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Who got it right or wrong?

3G in China and open source business apps are just some of the industry predictions that have been debunked.
Written by Aaron Tan, Contributor

While soothsayers were right about the rise of Net telephony and mobile malware in 2006, they had their fair share of failed predictions, too.

ZDNet Asia looks at somes of these projections, and finds out which analysts deserve the right to keep their day job--while others might want to consider a career change.

3G will come to China in 2006
Boy, were they: Wrong

Analyst house IDC stuck its neck out in 2005 to predict that the Chinese government would issue 3G licenses in 2006. Optimism was fueled by the continued growth of mobile data services and the relative maturity of China's homegrown 3G standard, the time division–synchronous code division multiple access (TD-SCDMA).

IDC also predicted that with the issuance of 3G licenses and network development in 2006, China's annual 3G handset shipments would surpass 1.5 million units that same year.

Of course, both predictions did not come true. While the Chinese government had indicated that it would eventually allocate 3G licenses by the 2008 Olympics Games, many industry observers were still clueless on when Beijing would fulfill its promise.

It's widely reported that the Chinese government has often delayed the issuance of 3G licenses, because it wants to ensure that TD-SCDMA is mature enough to compete head-on with W-CDMA, a Western 3G standard used in most parts of Europe and Asia.

The government had previously said that TD-SCDMA trial networks would be up and running in six Chinese cities, including Shanghai, Tianjin and Qingdao, by the end of 2006. However, Chinese cellphone users that ZDNet Asia spoke to have indicated that trials have not commenced at this point.

Net calling heating up
Boy, were they: Right

Industry experts hit the nail on the head with this one. VoIP (voice over Internet Protocol) was hot.

In 2006, IDC noted the VoIP market would be spurred by non-traditional operators moving into this space. Last year, eBay purchased Skype, while Yahoo and Microsoft purchased VoIP service providers, and Google launched its own VoIP software called Google Talk.

Traditional telecoms players like SingTel moved into the consumer VoIP space, with commercial VoIP over Wi-Fi services available at the end of 2006.

IDC also predicted VoIP adoption in the enterprise space to grow, as service operators looked into replicating the consumer experience from the home to the office and introduced low-cost, integrated voice, data and video conferencing solutions for businesses.

Indeed, the strong technology interest was fueled by small and midsize businesses. AMI-Partners projected that SMBs would spend almost US$600 million on Net telephony in 2006, an increase of more than 40 percent over the previous year. According to AMI-Partners, the market is expected to grow more than 45 percent in the next five years.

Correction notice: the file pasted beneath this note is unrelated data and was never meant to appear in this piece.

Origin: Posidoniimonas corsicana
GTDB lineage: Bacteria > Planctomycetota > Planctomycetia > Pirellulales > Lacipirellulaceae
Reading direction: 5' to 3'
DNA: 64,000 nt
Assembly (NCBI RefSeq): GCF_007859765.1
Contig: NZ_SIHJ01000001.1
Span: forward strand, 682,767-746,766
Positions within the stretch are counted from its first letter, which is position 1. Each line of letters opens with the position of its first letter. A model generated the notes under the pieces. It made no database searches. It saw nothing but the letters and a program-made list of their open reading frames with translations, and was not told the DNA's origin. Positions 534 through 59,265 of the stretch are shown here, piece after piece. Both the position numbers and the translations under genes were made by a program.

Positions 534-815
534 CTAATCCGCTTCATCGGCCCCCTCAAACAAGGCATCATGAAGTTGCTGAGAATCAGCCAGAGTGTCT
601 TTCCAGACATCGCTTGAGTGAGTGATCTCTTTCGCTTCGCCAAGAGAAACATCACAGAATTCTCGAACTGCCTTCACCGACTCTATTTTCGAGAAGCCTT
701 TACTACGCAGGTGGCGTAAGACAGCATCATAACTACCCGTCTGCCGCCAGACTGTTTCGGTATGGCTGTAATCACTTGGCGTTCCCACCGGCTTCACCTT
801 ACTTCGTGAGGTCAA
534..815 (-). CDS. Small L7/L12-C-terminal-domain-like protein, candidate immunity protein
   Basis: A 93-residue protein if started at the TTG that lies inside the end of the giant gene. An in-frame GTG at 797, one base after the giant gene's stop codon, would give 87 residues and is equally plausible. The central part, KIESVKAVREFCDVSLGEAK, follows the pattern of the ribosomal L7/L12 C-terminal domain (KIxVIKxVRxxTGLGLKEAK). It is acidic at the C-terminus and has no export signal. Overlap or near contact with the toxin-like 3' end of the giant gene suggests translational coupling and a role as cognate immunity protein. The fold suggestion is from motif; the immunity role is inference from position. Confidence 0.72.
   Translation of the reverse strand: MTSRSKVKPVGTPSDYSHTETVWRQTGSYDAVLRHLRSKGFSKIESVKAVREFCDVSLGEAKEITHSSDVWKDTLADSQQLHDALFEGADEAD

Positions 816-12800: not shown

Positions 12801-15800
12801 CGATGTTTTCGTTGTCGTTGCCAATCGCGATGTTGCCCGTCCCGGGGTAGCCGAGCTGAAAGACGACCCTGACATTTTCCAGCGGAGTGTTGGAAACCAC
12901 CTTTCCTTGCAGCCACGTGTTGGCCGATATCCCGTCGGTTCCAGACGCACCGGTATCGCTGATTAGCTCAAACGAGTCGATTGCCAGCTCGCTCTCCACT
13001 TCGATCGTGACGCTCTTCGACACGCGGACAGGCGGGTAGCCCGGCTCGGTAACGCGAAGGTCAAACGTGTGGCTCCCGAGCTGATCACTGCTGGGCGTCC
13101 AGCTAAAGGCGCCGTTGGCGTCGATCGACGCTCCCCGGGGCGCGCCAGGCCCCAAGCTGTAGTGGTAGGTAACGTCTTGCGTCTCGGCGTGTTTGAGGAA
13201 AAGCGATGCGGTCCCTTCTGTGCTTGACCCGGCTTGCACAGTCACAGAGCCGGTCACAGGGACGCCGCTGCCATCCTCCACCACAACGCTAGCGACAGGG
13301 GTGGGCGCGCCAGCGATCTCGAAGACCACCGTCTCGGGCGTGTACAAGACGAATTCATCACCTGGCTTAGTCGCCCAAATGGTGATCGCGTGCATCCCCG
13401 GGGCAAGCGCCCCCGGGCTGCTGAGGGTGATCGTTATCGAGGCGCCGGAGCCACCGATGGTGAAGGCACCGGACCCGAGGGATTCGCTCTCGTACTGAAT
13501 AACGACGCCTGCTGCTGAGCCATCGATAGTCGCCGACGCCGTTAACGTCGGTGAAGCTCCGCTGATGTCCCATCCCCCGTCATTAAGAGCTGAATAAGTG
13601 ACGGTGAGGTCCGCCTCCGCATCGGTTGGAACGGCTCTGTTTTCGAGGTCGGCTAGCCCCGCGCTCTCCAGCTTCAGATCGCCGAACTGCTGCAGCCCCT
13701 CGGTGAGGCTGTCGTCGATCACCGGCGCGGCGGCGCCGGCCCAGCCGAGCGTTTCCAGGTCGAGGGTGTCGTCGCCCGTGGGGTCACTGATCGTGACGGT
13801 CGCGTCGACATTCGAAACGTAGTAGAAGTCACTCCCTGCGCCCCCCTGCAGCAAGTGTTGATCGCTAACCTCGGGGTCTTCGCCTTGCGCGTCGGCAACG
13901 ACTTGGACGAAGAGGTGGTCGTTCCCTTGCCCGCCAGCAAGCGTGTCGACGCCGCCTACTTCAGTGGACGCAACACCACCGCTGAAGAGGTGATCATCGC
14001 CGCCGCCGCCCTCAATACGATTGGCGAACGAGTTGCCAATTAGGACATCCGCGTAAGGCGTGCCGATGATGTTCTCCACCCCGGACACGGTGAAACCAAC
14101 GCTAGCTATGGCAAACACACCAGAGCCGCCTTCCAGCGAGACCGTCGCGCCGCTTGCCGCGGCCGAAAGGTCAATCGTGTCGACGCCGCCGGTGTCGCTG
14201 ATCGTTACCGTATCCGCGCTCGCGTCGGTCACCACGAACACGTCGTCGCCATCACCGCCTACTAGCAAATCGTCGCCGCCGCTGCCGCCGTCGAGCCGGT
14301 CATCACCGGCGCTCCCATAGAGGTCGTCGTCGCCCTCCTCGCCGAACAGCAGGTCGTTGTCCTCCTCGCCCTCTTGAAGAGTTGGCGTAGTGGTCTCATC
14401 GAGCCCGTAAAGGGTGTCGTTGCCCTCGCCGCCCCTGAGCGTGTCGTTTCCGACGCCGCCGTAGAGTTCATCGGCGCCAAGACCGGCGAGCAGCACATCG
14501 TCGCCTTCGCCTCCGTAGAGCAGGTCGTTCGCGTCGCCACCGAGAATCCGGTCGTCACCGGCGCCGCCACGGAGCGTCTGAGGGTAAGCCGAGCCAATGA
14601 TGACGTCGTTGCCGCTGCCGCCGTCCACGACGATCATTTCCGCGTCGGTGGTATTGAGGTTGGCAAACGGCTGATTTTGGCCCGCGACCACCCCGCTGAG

Open source business apps will take root
Boy, were they: Wrong

In one of Gartner's industry predictions in 2005, the analyst company acknowledged the rising maturity of open source software (OSS). In fact, spending on open-source CRM (customer relationship management) was forecast to increase threefold, creating a viable alternative for many organizations.

While open source has proven itself in the realm of infrastructure software with products such as JBoss, adoption of many open-source business applications remain in the embryonic stage. Although there are no concrete industry numbers available, the take-up of open-source business applications remains lackluster, according to an IDC analyst, who attributed the situation to the limited knowledge of open-source business software among enterprises.

They said: This is the year of mobile malware
Boy, were they: Right

Security software maker McAfee
declared 2006 to be the year of mobile malware, and they were right.

The company predicted that the number of malicious software programs created for mobile devices would reach 726 by the end of 2006, up from about 226 at the end of 2005.

Although full-year figures for mobile malware are not available yet, a posting on McAfee's corporate blog indicated that at the end of June 2006, there were almost 300 malware programs that targeted mobile telephony. This figure exceeded the previous year's record.

According to McAfee, malware targeting telephony will steadily grow to become more than just a nuisance, especially when the cellphone becomes the standard means to transfer money. And, much like how network bots and other means to steal money over the Internet have consumed the industry's energies these past two years, so will malware that target telephony.

Virtualization will go on a roll
Boy were they: Right

IDC's 2006 predictions for infrastructure software rightly pointed to virtualization's strong growth path. The analyst company noted that virtualization technologies have spread on Intel platforms at an almost explosive rate, spearheaded by software offerings from VMware, Microsoft and Xen.

According to IDC, the global virtual machine software market as of October 2006 was about US$810 million, up 46 percent from US$560 million in 2005.

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